Abstract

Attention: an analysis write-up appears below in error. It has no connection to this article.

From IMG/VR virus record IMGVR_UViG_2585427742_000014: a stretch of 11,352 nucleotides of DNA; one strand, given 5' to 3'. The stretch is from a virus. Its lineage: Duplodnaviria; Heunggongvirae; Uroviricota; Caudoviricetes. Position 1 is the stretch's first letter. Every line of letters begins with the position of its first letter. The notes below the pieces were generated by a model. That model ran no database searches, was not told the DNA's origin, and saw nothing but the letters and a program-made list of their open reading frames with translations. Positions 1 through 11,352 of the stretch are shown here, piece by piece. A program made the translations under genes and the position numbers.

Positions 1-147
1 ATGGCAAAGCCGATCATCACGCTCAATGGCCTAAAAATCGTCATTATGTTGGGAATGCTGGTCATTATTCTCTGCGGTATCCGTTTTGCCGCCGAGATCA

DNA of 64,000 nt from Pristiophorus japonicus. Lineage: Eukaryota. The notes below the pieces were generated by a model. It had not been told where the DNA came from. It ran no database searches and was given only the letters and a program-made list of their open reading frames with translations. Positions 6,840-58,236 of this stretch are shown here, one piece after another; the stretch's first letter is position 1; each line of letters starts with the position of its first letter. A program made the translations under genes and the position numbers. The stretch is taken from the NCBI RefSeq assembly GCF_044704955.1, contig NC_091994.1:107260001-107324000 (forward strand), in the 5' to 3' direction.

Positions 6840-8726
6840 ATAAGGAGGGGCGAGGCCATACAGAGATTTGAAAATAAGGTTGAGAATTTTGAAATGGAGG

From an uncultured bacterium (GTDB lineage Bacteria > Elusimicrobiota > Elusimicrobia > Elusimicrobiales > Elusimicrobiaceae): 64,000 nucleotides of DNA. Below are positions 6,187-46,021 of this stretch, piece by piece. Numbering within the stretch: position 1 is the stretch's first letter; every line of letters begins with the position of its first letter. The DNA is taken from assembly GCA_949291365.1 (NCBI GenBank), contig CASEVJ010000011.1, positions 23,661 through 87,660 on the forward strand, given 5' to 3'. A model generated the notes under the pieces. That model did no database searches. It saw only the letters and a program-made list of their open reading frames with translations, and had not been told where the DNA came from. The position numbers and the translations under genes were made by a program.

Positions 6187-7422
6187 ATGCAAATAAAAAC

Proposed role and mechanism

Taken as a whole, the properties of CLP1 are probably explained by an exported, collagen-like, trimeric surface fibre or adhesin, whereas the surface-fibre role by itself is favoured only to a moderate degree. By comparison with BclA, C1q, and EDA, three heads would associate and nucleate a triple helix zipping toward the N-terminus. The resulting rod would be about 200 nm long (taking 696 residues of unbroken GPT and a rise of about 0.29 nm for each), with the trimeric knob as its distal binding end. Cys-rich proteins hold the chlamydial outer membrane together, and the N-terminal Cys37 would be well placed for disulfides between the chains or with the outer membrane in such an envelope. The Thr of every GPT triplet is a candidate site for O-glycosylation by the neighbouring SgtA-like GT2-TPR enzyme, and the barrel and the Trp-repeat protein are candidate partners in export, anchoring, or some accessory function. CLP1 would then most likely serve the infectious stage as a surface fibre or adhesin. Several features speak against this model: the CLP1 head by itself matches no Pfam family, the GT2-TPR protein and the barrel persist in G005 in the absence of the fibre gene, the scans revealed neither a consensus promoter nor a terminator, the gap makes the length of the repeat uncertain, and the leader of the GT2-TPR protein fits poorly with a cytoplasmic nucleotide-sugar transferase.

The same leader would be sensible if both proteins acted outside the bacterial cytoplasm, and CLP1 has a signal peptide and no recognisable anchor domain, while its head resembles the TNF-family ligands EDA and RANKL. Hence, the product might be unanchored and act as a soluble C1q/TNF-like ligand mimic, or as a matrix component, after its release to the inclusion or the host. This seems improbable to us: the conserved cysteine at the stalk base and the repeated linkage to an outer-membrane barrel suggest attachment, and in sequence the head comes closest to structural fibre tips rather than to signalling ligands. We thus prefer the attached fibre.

Finite difference calculations for SH-motion, as well as field observations, show that topography can have significant effects on seismic waves when the incident wavelengths are comparable to the size of the topographic features and the topographic slopes are relatively steep. These effects are frequency-dependent and can range from amplification to deamplification at a given site. For the models considered in this paper, amplifications of 75 per cent as compared to motions produced in regions of no topography were found. A qualitative discussion of the strong-motion accelerogram recorded at Pacoima Dam from the San Fernando earthquake of February 9, 1971, suggests that the recorded accelerations could, at any period, be expected to differ by 25 to 50 per cent from those that would have been recorded if no topographic features were present. The complex terrain precludes a prediction of the actual magnitude or sign of the difference. The present results are probably most significant from the viewpoint of engineering seismology, for the conditions required for a significant topographic effect are most likely to occur in the period range of engineering interest.

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